Jefferson Memorial – A 19-foot bronze statue of the third President of the United States. The words of Thomas Jefferson, some written more than 200 years ago, have shaped American ideals. Today, many of these impressive, stirring words adorn the interior walls of his memorial. The Thomas Jefferson Memorial stands as a symbol of liberty and endures as a site for reflection and inspiration for all citizens of the United States and the world.

FDR Memorial – The pivotal years of FDR’s presidency are depicted through a series of four outdoor “galleries,” each devoted to one of his four terms in office, from 1933-45. The galleries feature bronze sculptures of President Roosevelt, Eleanor Roosevelt, and events from the Great Depression and World War II. The park-like setting has waterfalls and quiet pools amidst a meandering wall of reddish Dakota granite, where Roosevelt’s inspiring words are carved intending to memorialize the institution of the presidency, the struggles of the Great Depression and America’s rise to world leadership.

Lincoln Memorial – “In this temple, as in the hearts of the people for whom he saved the Union, the memory of Abraham Lincoln is enshrined forever.” Beneath these words, the 16th President of the United States – the Great Emancipator and preserver of the nation during the Civil War – sits immortalized in marble. As an enduring symbol of Freedom, the Lincoln Memorial attracts anyone who seeks inspiration and hope.

Vietnam Veterans Memorial – The Vietnam Memorial is V-shaped black granite walls inscribed with the names of the 58,209 Americans missing or killed in the Vietnam War. The second and third elements of the memorial may also be visited – Frederick Hart’s life-size bronze sculpture of the Three Servicemen and the bronze statue of the Woman in Service to the Vietnam War. The purpose of this memorial is to separate the issue of the sacrifices of the veterans from the U.S. policy in the war, thereby creating a venue for reconciliation.

Korean War Veterans Memorial – Another innovative tribute that as rugged statues of 19 servicemen in full battle gear reflecting into the granite wall adjacent to them to create an image of 19 additional men who represent the dividing line of the 38th Parallel.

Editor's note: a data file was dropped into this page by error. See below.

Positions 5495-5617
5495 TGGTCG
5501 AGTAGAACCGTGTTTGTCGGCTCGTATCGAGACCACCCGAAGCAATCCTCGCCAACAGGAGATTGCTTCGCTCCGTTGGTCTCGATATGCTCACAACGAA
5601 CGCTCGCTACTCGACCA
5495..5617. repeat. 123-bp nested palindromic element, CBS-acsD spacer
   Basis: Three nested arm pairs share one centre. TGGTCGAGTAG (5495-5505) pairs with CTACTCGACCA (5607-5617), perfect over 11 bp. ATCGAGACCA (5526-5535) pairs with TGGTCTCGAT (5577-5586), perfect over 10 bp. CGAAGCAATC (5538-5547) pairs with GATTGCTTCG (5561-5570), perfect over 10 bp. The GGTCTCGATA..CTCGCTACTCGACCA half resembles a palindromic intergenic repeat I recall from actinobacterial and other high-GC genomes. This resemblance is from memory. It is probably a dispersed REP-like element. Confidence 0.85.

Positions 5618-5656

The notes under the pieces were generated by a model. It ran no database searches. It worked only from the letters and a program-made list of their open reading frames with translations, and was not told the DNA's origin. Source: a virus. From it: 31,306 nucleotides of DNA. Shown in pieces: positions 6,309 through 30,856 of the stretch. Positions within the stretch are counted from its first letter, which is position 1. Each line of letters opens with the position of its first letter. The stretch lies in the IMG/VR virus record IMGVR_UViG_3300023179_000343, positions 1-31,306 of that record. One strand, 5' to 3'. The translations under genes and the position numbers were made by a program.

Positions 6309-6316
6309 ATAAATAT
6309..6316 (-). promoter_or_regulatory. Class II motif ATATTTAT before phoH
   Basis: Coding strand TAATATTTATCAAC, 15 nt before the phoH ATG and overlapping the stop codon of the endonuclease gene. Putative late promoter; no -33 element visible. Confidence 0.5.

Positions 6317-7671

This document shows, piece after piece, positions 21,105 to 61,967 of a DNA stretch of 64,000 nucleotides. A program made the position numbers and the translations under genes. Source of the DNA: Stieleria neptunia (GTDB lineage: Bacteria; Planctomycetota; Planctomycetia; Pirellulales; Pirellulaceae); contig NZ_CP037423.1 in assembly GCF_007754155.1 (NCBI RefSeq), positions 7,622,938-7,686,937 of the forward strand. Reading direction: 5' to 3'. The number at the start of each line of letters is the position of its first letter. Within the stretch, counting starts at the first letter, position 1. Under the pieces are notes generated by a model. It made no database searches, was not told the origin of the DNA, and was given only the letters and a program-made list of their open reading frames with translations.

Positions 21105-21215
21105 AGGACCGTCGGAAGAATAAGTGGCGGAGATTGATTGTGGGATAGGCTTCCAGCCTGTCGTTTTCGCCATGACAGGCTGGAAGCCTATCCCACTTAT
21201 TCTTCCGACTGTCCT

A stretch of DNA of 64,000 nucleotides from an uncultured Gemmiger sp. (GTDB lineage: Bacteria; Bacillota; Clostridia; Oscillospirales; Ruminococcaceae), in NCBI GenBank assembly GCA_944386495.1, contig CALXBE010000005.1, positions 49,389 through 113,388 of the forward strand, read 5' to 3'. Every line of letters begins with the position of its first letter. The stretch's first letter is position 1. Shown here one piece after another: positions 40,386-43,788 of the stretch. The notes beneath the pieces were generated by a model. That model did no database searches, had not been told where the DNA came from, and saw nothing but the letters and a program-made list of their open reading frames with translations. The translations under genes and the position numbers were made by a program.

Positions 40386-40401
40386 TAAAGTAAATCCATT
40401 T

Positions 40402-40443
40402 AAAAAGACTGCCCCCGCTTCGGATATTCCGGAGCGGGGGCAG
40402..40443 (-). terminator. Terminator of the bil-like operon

National World War II Memorial – This memorial opened on Memorial Day 2004. This is the first national memorial dedicated to the honor of the 16 million who served in the armed forces of the U.S. during World War II, the more than 400,000 who died, and the millions who supported the war effort from home. Located on the National Mall between the Lincoln Memorial and Washington Monument, this stark, yet striking memorial is symbolic of the defining event of the 20th century.

Marine Corps Memorial – The largest bronze statue ever cast – five Marines and a sailor raising the Stars and Stripes over Mount Suribachi following one of the bloodiest battles in World War II on Iwo Jima on February 23, 1945. The creation of the statue was influenced by the Pulitzer Prize winning photograph taken by Joe Rosenthal and is dedicated to the United States Marines who have given their lives in conflicts since the Corp was founded in 1775.

The Washington Monument – The Washington Monument is the most prominent, as well as one of the older, attractions in Washington D.C. It was built in honor of George Washington, who led the country to independence, and then became its first President. The Monument is shaped like an Egyptian obelisk, 555’ 5/8” high, and averages 30 to 40 miles visibility in clear weather. It was finished on December 6, 1884.

The White House – Guests will enjoy a drive by the White House. Located at 1600 Pennsylvania Avenue, it was built between 1792 and 1800 of white painted Aquai sandstone in the late Georgian style and has been the executive residence of every U.S. President since John Adams.